Hong Kong’s Under-Stairs Shops Priced Off the Streets

Focus, Multimedia — By on January 10, 2013 4:12 PM
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Under Stairs Shops Lose Out as Hong Kong’s Retail Rental Prices Top World Rankings

Editors: Lotus Lau,Charlie Leung   Repoters:Viola Yeh, Yannie Mak, Kris Lee

A recent report named Causeway Bay, Central and Tsim Sha Tsui as the most expensive shopping areas in the Asia Pacific Region. In fact, Causeway Bay has overtaken Fifth Avenue in New York to be the district with the most expensive shop rents in the world. The area saw a 35 per cent hike in retail rental prices last year, nearly eight times higher than the average increase in other countries.

An influx of mainland visitors with high purchasing power has attracted numerous international brands to establish branches in these popular shopping areas, leading to an overall increase in rental price.

This has had a huge knock-on effect on small shop owners. Many are being forced to close down their businesses as they are unable to afford the rents.

Mr Yam, who has been selling mahjong sets and accessories from an under stairs shop will be squeezed out when his rent triples. His landlord recognized an opportunity to lease out the shop at a much higher price to another tenant.

After 32 years of operation, Yam has no choice but to close up shop. “Of course I think it’s a pity to close down my shop,” sighs Yam. “But I cannot afford the rental price. What other choices do I have?”

Yam’s case is just the tip of the iceberg. Over the past years, small shops in Causeway Bay, especially those in Russell Street, Lockhart Road, Jaffe Road and Yun Ping Road have been gradually replaced by chain stores operated by international companies.

Russell Street is poised to become the world’s priciest street for shop rents with an average rental price of $1710 per square feet.

Brand chain stores selling watches, jewellery, and cosmetics are replacing former high street mainstays like traditional Hong Kong diners (Cha Chan Teng), grocery stores and small pharmacies and many more. While enjoying the economic gains, Hong Kong is suffering the loss of its local flavour.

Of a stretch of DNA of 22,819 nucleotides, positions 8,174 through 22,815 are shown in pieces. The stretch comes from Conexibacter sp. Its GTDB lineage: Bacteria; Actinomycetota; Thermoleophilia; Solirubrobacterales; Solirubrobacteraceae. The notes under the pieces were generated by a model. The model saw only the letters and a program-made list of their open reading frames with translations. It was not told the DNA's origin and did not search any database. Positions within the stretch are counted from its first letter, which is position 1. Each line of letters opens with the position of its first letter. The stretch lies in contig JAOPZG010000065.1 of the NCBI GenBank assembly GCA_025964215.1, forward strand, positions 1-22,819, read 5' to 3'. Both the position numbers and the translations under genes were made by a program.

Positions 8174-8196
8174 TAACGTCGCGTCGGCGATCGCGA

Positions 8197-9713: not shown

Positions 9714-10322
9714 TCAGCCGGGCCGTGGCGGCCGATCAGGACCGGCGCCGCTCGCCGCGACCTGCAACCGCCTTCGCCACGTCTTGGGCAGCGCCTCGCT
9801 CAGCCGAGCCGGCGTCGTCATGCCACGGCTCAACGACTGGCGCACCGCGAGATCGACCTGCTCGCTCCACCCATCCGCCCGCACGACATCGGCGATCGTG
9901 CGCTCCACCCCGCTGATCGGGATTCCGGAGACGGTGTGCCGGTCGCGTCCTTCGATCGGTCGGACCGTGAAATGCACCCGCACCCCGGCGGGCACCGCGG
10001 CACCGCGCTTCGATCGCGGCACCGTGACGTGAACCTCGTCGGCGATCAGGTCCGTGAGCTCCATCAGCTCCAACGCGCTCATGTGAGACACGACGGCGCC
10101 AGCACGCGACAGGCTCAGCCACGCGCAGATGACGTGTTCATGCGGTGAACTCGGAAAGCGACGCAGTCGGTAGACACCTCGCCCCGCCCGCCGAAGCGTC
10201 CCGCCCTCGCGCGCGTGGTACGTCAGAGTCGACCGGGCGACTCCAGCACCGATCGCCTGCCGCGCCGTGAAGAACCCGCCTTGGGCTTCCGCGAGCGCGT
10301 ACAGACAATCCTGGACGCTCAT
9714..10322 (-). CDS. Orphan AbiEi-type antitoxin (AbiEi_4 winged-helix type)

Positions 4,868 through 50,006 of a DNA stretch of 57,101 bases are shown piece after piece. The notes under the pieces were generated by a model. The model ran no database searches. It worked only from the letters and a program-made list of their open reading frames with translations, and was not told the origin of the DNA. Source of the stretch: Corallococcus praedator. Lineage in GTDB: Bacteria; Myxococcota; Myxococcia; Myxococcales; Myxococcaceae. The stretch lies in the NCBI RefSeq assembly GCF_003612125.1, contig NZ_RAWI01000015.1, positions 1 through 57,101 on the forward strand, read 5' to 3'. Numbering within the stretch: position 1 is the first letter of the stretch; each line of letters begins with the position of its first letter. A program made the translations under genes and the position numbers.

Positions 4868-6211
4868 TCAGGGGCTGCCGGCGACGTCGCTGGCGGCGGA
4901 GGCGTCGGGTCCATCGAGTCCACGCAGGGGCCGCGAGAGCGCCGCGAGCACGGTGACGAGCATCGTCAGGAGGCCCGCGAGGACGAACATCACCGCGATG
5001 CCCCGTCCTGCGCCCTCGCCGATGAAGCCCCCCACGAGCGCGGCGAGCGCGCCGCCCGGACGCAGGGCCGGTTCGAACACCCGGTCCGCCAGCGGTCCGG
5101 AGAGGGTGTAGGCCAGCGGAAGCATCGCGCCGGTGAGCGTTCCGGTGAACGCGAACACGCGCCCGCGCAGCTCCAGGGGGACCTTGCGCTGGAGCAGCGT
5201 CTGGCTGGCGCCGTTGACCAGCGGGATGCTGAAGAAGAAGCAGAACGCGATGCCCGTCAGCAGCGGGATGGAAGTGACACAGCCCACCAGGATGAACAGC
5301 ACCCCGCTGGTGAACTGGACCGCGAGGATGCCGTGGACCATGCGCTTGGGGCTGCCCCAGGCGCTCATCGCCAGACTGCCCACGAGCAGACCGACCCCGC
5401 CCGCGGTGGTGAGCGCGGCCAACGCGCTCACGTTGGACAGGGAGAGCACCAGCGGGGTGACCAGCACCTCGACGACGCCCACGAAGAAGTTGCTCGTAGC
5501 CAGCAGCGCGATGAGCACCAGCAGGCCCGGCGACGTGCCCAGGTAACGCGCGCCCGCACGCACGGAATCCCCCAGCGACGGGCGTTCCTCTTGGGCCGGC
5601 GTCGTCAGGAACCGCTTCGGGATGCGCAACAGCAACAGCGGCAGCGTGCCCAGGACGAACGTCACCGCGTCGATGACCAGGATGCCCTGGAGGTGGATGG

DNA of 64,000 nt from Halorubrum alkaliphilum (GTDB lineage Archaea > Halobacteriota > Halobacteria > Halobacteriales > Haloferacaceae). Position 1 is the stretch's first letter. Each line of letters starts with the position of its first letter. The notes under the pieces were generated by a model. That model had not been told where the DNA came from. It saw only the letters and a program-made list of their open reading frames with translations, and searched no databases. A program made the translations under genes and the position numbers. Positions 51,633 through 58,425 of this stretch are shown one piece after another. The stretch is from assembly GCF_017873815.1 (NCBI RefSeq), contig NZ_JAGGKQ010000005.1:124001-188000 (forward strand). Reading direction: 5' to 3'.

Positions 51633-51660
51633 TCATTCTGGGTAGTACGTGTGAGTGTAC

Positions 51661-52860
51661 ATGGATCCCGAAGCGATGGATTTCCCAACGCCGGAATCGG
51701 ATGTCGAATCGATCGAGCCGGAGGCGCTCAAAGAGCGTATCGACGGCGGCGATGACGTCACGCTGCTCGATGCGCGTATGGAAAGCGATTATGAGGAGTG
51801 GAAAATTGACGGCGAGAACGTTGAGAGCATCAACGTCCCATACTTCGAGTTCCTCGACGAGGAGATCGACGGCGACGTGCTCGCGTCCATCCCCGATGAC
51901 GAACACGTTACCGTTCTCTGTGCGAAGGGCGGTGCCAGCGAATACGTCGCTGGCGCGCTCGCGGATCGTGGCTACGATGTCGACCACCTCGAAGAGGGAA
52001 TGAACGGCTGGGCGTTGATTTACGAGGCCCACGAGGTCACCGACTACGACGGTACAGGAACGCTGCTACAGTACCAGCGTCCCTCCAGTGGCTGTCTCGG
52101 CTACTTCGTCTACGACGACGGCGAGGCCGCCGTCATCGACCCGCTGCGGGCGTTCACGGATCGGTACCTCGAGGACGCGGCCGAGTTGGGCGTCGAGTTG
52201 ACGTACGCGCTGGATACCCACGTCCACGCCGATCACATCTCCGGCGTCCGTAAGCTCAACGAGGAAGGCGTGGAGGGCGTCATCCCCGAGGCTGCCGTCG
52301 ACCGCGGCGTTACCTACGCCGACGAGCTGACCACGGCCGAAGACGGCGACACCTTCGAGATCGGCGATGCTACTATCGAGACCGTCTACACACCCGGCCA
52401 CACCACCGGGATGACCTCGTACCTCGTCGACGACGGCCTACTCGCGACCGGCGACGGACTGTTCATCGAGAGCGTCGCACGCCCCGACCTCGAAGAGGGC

Debra McGlynn, who has been living in Hong Kong for four years, was shopping for mahjong from Yam’s store during Varsity’s visit. McGlynn feels that Hong Kong is losing its uniqueness and attractiveness as traditional local stores are being closed down.

“To me, Hong Kong is all about the charm and the character of traditional stores,” McGlynn says.

Wan Chai District Councilor, Yolanda Ng Yuen-ting acknowledges the impact of high rental prices on small shop owners in Causeway Bay. She finds it absurd to see multiple branches of the same chain stores along the same street in the district.

Other then the influence on small shop owners, Ng points out that the rise in rental prices affect residents as well. To satisfy mainland visitors, the basic daily needs of residents are neglected and their living costs increase.

The huge revenue from mainland visitors and investment from international companies undoubtedly bring economic benefits to Hong Kong; however, it may be time to consider how to retain Hong Kong’s unique character.

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